The groups discussed how to build me political wUl necessary to move LTC policy reform forward. "Consider three arenas: me public, the press and policymakers," advised Diane Rowland of the California-based Kaiser Family Foundation. "The way you move policymakers is to have the press cover your issues, understand your issues well and. keep the public engaged." Her foundation's success with their commission on Medicaid and its comprehensive website, www.k_f.org, was cited as a positive force for change that could serve as a model for The SCAN Foundation. Anotiier tactical suggestion concerned how The SCAN Foundation could fund congressional committee fellows to help raise awareness on Capitol Hill. Funding fellows for longer tiian one year would bring continuity to reform efforts.
Other experts advised that it might be necessary to forgo comprehensive LTC reform at the national level in the near term and instead prepare for the opportunity to include smaller reforms in any healthcare bill that is considered in 2009 or 2010. Meanwhile, there might be some policy options to move at me state level, such as allowing states to tap into the Medicare funding stream or helping states design an efficient and effective reimbursement system for home and community-based care. "California has a lot of characteristics that make it a nice laboratory to try new things that might later be expanded nationally," observed Dr. Jack Rowe from Columbia University's School of Public Health, New York.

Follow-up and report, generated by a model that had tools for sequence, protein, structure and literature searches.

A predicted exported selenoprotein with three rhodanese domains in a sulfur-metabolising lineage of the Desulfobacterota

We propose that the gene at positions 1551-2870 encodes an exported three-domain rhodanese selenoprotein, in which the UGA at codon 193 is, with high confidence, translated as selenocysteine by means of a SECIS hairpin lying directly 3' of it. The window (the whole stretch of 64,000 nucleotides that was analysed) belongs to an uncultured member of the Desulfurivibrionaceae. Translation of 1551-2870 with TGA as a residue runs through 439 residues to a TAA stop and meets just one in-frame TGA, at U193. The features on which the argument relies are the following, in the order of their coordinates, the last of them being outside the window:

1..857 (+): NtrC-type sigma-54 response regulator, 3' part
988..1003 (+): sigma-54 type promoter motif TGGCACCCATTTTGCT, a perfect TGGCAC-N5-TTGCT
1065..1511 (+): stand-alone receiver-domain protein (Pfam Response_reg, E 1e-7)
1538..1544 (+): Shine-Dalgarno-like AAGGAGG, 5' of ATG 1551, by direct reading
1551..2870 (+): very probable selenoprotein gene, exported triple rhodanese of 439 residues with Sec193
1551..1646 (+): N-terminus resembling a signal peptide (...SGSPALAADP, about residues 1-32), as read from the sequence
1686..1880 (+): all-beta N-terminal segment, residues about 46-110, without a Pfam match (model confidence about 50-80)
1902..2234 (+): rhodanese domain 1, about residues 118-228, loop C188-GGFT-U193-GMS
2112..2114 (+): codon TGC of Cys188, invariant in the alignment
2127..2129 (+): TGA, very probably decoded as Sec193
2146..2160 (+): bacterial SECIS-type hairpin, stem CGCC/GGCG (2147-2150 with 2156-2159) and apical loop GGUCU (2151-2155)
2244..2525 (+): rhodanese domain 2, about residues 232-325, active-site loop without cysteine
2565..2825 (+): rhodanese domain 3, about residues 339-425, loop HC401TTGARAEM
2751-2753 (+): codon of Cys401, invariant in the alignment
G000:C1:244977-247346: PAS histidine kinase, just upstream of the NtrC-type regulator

Carroll Estes, of the University of California at San Francisco, said, "Social insurance must be included in the poUcy discussion." The idea of long-term care as a social insurance program needs to be a key part of me solution. Social insurance offers a paradigm based on the public interest and the greatest good. A universal risk pool addresses the huge barriers of financing and access. "I'm not saying mere will be no private involvement whatever, but mere's got to be an anchor. As we see from the current financial crisis, government is the ultimate safety net, and social insurance concepts are real and absolutely critical," she added.